Nobel Peace Prize laureate Jose Ramos-Horta is leading Timor Leste’s presidential election, garnering 44 percent out of 50 percent votes counted by Sunday afternoon, according to data from the country’s Election Secretariat.
The Southeast Asian nation just had the presidential election on Saturday, presenting 16 candidates in the political contest.
Incumbent president Francisco Guterres has garnered 22.66 percent. None of the rest 14 candidates reached 10 percent.
Ramos-Horta, who is one of Timor Leste’s founding fathers and the country’s former president, is backed by the National Congress for Timorese Reconstruction Party.
Guterres is endorsed by the Revolutionary Front for the Independent East Timor Party.
The final data is expected to be published in the coming days.
First hammered by the pandemic, East Timor’s economy took another hit last year when Cyclone Seroja struck, killing at least 40 people on its half of the island and transforming communities into wastelands of mud and uprooted trees.
Political tensions between the two largest parties — Guterres’ Revolutionary Front for an Independent East Timor (Fretilin) and the National Congress of the Reconstruction of Timor-Leste (CNRT) — have also risen in the past four years, leading to a political deadlock that has seen the government fail to pass a budget.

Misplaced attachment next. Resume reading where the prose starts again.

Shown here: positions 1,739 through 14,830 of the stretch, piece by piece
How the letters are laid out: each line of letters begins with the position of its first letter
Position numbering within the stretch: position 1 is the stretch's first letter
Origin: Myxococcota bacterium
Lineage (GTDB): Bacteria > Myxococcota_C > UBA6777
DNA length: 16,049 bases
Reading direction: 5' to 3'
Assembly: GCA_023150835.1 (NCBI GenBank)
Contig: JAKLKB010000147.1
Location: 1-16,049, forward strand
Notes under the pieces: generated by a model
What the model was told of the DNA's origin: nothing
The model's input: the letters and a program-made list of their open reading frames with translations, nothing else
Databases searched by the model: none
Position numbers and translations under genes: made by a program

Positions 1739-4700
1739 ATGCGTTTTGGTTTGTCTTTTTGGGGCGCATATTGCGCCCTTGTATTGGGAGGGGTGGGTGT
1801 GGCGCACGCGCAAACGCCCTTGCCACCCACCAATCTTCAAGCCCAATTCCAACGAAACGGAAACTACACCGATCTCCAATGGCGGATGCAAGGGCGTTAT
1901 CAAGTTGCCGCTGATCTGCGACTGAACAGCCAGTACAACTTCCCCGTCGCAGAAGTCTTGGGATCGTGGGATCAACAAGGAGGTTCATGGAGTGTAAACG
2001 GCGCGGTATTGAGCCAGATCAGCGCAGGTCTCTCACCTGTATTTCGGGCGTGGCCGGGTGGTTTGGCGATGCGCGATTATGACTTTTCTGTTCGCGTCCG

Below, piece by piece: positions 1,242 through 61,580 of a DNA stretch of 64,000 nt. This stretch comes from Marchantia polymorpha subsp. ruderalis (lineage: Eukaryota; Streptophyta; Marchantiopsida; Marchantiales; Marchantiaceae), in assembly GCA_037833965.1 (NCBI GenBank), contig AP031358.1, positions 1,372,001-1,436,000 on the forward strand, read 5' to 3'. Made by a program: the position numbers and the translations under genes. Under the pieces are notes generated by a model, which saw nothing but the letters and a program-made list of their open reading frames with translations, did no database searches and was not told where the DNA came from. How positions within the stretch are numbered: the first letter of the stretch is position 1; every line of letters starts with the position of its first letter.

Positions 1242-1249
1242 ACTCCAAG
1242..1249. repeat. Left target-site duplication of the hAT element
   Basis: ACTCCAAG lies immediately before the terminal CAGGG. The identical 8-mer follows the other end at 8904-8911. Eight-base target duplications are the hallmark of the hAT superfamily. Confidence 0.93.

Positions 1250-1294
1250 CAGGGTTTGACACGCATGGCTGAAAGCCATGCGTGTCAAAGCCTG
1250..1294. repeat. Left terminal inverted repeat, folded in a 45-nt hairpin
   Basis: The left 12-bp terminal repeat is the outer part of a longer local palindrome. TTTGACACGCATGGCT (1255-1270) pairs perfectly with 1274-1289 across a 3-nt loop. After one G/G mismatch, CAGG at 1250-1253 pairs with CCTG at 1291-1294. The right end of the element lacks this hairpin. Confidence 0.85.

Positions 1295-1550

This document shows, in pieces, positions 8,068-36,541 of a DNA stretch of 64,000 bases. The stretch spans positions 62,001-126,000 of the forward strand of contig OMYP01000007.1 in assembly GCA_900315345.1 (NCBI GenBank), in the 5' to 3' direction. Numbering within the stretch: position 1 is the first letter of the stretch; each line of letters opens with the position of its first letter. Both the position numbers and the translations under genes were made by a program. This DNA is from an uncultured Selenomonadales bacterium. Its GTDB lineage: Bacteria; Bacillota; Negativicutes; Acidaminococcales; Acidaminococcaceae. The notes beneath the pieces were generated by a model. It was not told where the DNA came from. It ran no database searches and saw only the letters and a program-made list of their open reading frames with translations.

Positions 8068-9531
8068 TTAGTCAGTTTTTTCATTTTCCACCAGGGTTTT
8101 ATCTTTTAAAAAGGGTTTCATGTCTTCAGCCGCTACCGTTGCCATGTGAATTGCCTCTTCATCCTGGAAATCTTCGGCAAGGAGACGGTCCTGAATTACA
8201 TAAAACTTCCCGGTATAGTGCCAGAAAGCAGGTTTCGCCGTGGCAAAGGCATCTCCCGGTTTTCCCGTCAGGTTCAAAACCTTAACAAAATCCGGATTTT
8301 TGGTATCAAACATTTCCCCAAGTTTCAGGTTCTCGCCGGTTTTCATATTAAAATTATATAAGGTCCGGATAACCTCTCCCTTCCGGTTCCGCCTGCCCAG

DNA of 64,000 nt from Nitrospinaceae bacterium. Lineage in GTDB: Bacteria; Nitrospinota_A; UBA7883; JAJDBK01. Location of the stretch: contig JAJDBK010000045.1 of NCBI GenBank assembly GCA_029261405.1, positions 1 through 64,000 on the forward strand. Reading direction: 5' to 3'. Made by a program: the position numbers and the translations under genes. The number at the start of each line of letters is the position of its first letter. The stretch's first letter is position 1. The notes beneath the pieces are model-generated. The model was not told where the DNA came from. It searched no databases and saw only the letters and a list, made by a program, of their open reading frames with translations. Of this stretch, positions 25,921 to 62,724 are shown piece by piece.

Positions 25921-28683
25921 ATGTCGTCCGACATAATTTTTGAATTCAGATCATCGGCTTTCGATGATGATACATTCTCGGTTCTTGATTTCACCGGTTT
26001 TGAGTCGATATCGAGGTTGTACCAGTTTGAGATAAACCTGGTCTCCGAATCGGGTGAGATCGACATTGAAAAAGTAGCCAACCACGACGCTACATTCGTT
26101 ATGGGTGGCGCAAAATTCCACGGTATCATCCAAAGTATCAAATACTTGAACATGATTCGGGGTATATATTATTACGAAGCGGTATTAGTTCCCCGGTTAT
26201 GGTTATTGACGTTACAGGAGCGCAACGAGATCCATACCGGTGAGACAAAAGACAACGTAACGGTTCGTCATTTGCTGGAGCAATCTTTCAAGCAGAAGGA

Ramos-Horta said the financial situation would be his main priority: “The most important thing for me is to strengthen the stability and build a better economy”.
Last week, he said he felt compelled to return to politics because Guterres had “breached the constitution” and overstepped his presidential role.
But Guterres, a 67-year-old former guerilla fighter, said he was confident the elections would bring him a second term.
“I believe I will win this election and people will reconfirm their rights through the election. If I am re-elected, I will keep defending the democratic rights of our country and create sustainable development”.
Around 860,000 were registered to vote at the country’s 1,500 polling stations.
If no one wins an absolute majority, a second round of voting will be held on 19 April and the winner will take office on 20 May0, East Timor’s 20th anniversary of independence from Indonesia, which occupied the former Portuguese colony for 24 years.
Major political events in East Timor have often been marred by violence and conflicts.
In 2018, more than a dozen people were injured and several cars torched after clashes between main parties Fretilin and CNRT.